Paul Joseph Watson
Thursday, February 25, 2010
The recent controversy surrounding Citibank’s advisory to its customers reserving the right to impose a 7 day restriction on withdrawals from their accounts is a stark reminder of the vulnerability of the fractional reserve banking system and the FDIC’s shaky guarantee that it can insure deposits in the event of a bank run.
As we reported last week, Citibank’s notice informing its customers of the right to request 7 days notice before funds can be withdrawn from all checking, savings and money market accounts was necessary to ensure compliance with Federal Reserve regulations.
Fox News Business reported on the “little known regulation” yesterday in a piece by Darryl R. Isherwood.
“The requirement is part of Regulation D of the Securities Act of 1933. It applies to all accounts classified as Negotiable Order of Withdrawal [NOW] accounts – basically interest-bearing checking and savings accounts held by individuals and non-profits. Banks are not required to hold reserves in place to cover NOW accounts, so the rule prevents a run on withdrawals for which there are no reserves,” states the report.
For those still unaware of the fact, it may come as a shock that your bank has no reserves with which to cover withdrawals if there was a sudden loss of confidence and a good old run on the bank as has happened on several occasions over the last two years in both the UK and the U.S.
“According to a spokeswoman, the bank changed the status of the bulk of its consumer checking accounts last year to take advantage of an FDIC policy to provide unlimited account protection to certain types of accounts. When Citi transferred the accounts back to their original status, it triggered the notification of the seven-day requirement,” states the report.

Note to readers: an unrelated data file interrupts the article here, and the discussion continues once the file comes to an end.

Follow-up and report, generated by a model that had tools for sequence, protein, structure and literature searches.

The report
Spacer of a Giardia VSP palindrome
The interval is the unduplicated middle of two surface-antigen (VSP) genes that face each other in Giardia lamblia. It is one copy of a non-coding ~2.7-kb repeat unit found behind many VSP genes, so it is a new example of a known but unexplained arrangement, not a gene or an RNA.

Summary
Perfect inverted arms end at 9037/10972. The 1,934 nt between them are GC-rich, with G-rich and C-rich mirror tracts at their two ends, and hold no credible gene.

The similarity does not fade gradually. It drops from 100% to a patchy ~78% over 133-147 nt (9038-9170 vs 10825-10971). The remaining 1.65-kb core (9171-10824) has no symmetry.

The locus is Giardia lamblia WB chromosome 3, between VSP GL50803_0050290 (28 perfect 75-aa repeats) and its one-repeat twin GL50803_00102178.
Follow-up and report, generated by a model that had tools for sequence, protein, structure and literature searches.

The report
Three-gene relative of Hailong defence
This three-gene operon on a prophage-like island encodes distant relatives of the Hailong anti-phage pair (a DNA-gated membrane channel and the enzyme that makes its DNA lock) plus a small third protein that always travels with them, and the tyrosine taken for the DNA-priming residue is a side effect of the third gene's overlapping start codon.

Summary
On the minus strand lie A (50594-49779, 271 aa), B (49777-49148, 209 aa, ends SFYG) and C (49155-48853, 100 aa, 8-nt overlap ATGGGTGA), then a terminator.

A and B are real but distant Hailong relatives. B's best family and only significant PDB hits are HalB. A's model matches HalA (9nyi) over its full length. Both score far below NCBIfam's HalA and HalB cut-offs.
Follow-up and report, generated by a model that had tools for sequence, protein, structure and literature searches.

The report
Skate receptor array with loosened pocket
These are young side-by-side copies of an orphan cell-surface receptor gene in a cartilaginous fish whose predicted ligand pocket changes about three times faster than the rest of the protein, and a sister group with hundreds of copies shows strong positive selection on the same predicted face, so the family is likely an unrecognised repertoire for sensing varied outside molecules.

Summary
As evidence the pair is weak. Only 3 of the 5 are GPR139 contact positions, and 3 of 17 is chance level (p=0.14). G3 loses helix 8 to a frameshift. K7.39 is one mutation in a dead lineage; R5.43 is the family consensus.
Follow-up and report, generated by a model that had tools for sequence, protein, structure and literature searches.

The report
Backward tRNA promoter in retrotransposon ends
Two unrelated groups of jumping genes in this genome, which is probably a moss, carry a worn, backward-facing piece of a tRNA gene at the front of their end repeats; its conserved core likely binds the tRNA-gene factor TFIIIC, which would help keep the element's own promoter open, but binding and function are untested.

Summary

Although the FDIC claims it guarantees insurance to the tune of $250,000 per depositor per bank, the rising number of bank failures and those placed on the “problem list” has stoked fears that the tank is running dry.
- A d v e r t i s e m e n t
Alarmingly, The Federal Deposit Insurance Corp. only has about $50 billion to “insure” about $1 trillion in assets across the nation’s financial institutions. This was even admitted in a Yahoo.com article shortly after the collapse of Lehman Brothers in 2008. When Americans realize the fact that banks are “going to run out of money”, the article nonchalantly stated, a run on the banks will accelerate.
On Tuesday the FDIC announced that its deposit insurance fund suffered a whopping $12.6 billion drop in the final three months of 2009 due to accelerating bank closures. “The fund’s reserve ratio was -0.39% at the end of the quarter, the lowest on record for the combined bank and thrift fund,” according to the announcement.
FInancial experts have predicted that the failure of 300-500 U.S. banks would absorb all of the FDIC’s insurance funds. This is precisely why people are worried about banks imposing delays on access to their savings, not as a result of some Internet conspiracy run amok, as the Fox News Business article implies, but as a consequence of the true magnitude of what could plausibly happen in a worst case scenario.
If the U.S. dollar was to suffer a sudden and drastic collapse as innumerable financial experts have predicted and hyperinflation ensued, then being unable to access your money or swap it for another currency or commodity for a period of 7 days could be the difference between preserving your life savings or having them rendered practically worthless.
Imagine if the United States were to suffer a Weimar Republic style collapse and the cost of a pound of butter soared to a million dollars. Generations of wealth could be wiped out overnight if people were unable to access their savings.
It’s no surprise therefore in the current climate that investors have flocked to physical gold and silver bullion not only as a means of preserving their wealth, but ensuring that it actually exists in the first place. With banks affording themselves the power to loan out increasing multiples of what they hold at any one time while the money supply is artificially doubled, being reminded of the fact that our nest eggs consist of nothing more than numbers on a computer screen which can be withheld from us at the discretion of the banks isn’t exactly going to restore trust in traditional methods of saving.